Luc and Jean-Pierre Dardenne, The need for one another




"My brother. I couldn't make this film without him and he couldn't make it without me", wrote Luc Dardenne in the 2000s. It is perhaps because they create works together that the Dardenne brothers feverishly produce films, which remind us all, as if it’s their motto, that we "need one another". The cinema of the Dardenne brothers at the Lumière festival could be the combination of Sunrise (F. W. Murnau, 1927) and The Man who Shot Liberty Valance (John Ford, 1962). In other words, miraculous, storybook sequences, mixed with Far West dilemmas and territory conflicts, where the social and political truth of man comes surging forward.



Copyright C. Plenus - Les Films du Fleuve - Archipel 35


First, there is a river, the Meuse. It traverses the city of the Dardennes, Liège, and regulates their stories on both sides. The banks offer the marginalized of The Child (2005), Lorna’s Silence (2008), or The Promise (1996), a bivouac. The protagonists, itinerant city cowboys, survive in the hollow of the natural elements, forming a reliable refuge for The Kid with a Bike (2011) hidden in the trees, or Young Ahmed (2019) roaming the fields. Rosetta (1999) and the son of The Promise bury objects in the soil made loose by perpetually humid weather.
In these urban westerns, that great outdoor genre, the inhospitable weather leads to tension and puts your nerves on edge. The cold humidity harasses Rosetta's back, or makes it harder for the young man from The Promise to race against the wind. The dry heat exacerbates the internal churning of the young Ahmed, crushes the unemployed woman of Two Days, One Night (2014), in perpetual circulation, pressured by an untenable social countdown in a city closing its doors, shutting her out. Hectic scooters, threatened marches, or anxious journeys by car or bicycle, are the daily lives of characters being hunted, socially cornered, between provocation, tension and pursuit.

A few rare moments of oblivion transfix those who, like Rosetta, do not want to "fall into the hole". A cousin of the unreserved dance scenes of Ford's westerns, recreation for the Dardennes is simple and unsophisticated, set to a popular tune, like the karaoke scene between the young hero of The Promise and his tyrannical and murderous father, singing together the unthreatening, indeed, carefree lyrics to Joe Dassin’s Whistling on the Hill. This ability to move from intense drama to lightness is all the more natural when it is instigated by youth. When we ask the question of the recurring theme of youth which dominates their filmography, the two brothers answer that young people do not yet know who they are and are not yet aware of their "need for one another". They are pioneers; their only asset is their physical energy and their hopes. Everything remains to be done. They have everything to learn.


Rosetta Bis

Copyright Les Films du Fleuve / DR

Learning, a lesson in social and political solidarity, often involves manual and modest work. It educates The Son (2002), innervates Rosetta, Two Days, One Night, or The Unknown Girl (2016). A profession comes out of hiding, indicating a social status. For this purpose, the Dardennes’ characters fight physically, betraying those who love them, like the husband of Sunrise, who betrays his wife by wanting to assassinate her. In survival mode, they become obsessive to the point of ambiguity; they are John Wayne in The Searchers, they commit insane acts. Rosetta steals the work of the boy who helps her. The young father of The Child sells his baby. Ahmed attempts to kill a woman.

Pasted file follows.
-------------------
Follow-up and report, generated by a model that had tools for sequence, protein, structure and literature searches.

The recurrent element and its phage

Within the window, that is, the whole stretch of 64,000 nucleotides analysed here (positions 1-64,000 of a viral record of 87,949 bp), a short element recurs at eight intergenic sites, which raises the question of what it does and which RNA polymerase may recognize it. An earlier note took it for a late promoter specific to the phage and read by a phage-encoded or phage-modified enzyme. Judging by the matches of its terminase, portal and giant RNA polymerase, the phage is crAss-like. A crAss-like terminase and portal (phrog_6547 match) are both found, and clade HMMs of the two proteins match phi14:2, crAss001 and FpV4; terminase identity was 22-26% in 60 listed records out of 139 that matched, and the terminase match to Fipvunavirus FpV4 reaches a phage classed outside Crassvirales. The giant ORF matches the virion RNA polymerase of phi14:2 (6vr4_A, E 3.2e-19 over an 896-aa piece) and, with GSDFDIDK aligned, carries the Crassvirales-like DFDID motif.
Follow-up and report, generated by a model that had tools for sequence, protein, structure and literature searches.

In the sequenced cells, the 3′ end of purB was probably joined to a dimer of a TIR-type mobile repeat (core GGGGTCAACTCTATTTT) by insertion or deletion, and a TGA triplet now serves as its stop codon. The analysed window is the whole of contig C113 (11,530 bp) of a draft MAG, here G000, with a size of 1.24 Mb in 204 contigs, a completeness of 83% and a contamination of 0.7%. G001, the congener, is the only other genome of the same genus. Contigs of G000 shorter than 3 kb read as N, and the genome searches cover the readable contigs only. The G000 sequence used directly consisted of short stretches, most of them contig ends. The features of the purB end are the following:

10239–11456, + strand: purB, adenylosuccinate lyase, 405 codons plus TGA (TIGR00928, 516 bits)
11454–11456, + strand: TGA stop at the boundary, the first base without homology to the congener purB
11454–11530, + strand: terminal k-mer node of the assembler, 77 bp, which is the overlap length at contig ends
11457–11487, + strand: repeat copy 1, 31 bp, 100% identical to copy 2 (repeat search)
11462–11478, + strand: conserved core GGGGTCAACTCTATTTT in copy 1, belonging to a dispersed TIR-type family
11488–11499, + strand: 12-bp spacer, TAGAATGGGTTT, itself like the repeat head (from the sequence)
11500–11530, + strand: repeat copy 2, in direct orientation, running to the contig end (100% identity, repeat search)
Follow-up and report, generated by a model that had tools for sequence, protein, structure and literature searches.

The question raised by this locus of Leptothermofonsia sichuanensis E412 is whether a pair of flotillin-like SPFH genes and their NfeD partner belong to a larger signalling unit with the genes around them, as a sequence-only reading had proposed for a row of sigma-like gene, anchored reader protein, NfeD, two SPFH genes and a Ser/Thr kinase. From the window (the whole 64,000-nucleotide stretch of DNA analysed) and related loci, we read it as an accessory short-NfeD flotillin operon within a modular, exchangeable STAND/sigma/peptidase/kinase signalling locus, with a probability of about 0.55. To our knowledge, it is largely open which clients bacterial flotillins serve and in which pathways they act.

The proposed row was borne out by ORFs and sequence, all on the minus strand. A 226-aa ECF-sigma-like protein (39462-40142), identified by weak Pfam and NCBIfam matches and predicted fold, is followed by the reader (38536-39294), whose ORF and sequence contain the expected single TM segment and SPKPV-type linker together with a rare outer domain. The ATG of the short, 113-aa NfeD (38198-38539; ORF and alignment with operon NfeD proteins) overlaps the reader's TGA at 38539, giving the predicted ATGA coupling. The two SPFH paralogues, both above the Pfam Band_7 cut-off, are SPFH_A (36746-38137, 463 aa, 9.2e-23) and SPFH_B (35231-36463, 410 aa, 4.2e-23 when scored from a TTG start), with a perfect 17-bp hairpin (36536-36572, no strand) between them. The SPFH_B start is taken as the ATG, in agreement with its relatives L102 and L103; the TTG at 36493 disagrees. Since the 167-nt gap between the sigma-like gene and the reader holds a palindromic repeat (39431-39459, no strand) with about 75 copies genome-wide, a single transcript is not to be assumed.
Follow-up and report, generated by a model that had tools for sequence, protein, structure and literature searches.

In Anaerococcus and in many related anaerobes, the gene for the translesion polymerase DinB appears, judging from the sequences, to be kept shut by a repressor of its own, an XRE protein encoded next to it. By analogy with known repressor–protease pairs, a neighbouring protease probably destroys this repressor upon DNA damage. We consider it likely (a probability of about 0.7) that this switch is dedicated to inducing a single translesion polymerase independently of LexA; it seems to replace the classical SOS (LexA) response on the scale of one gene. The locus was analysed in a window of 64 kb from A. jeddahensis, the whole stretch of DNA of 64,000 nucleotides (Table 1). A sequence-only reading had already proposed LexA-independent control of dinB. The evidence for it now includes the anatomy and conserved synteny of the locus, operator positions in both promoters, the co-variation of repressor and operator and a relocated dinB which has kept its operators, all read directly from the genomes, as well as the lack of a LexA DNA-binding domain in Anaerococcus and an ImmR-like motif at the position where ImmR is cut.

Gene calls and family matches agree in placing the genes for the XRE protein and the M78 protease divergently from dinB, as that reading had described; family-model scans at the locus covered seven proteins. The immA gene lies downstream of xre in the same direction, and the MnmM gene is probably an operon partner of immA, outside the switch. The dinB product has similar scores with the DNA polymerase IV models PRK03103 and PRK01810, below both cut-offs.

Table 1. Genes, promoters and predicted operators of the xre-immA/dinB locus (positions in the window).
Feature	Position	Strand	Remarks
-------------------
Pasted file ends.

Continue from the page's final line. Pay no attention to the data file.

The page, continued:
Faced with this relentless climb, the Dardennes then employ a surprise, shocking by its gentleness or its violence, which stops the trajectory dead in its tracks. It takes the form of a fall for the kid on the bike, and the young Ahmed. It will be the arm that helps Rosetta, in tears, get up (which reminds us of the husband who suddenly supports his failing wife by the waist in Sunrise). It's Lorna, who undresses to hold the boy who is in pain in front of her. These bursts of love are, according to an expression used by the Dardennes, "calls of life". The characters can then overcome their fear and proclaim a certain serenity, like the heroine at the end of The Wind, a fabulous western by Victor Sjöström (1928). Jean-Pierre and Luc Dardenne know how to end their stories, where even the most fragile protagonists instinctively understand that their hardships are not fatal.

 Virginie Apiou



Jean-Pierre and Luc Dardenne, Lumière Award 2020
MASTER CLASS by Jean-Pierre and Luc Dardenne on Friday, October 16 at the Célestins, Theater of Lyon at 3 pm
LUMIÈRE AWARD CEREMONY honoring Jean-Pierre and Luc Dardenne on Friday, October 16 at Lyon Conference Center Amphitheater at 7:30 pm
They will also introduce
Two Days, One Night on Wednesday, October 14 at the IRIS / Francheville at 8:30 pm and on Thursday, October 15 at the Institut Lumière at 9 pm
The Promise on Thursday, October 15 at Pathé Bellecour at 10:45 am
I’m Thinking of You on Thursday, October 15 at the UGC Ciné Cité Confluence at 5pm
The Child on Sunday, October 18 at Pathé Bellecour at 2:30 pm
The Kid with a Bike on Sunday, October 18 at Lumière Terreaux at 5:15 pm

Categories: Lecture Zen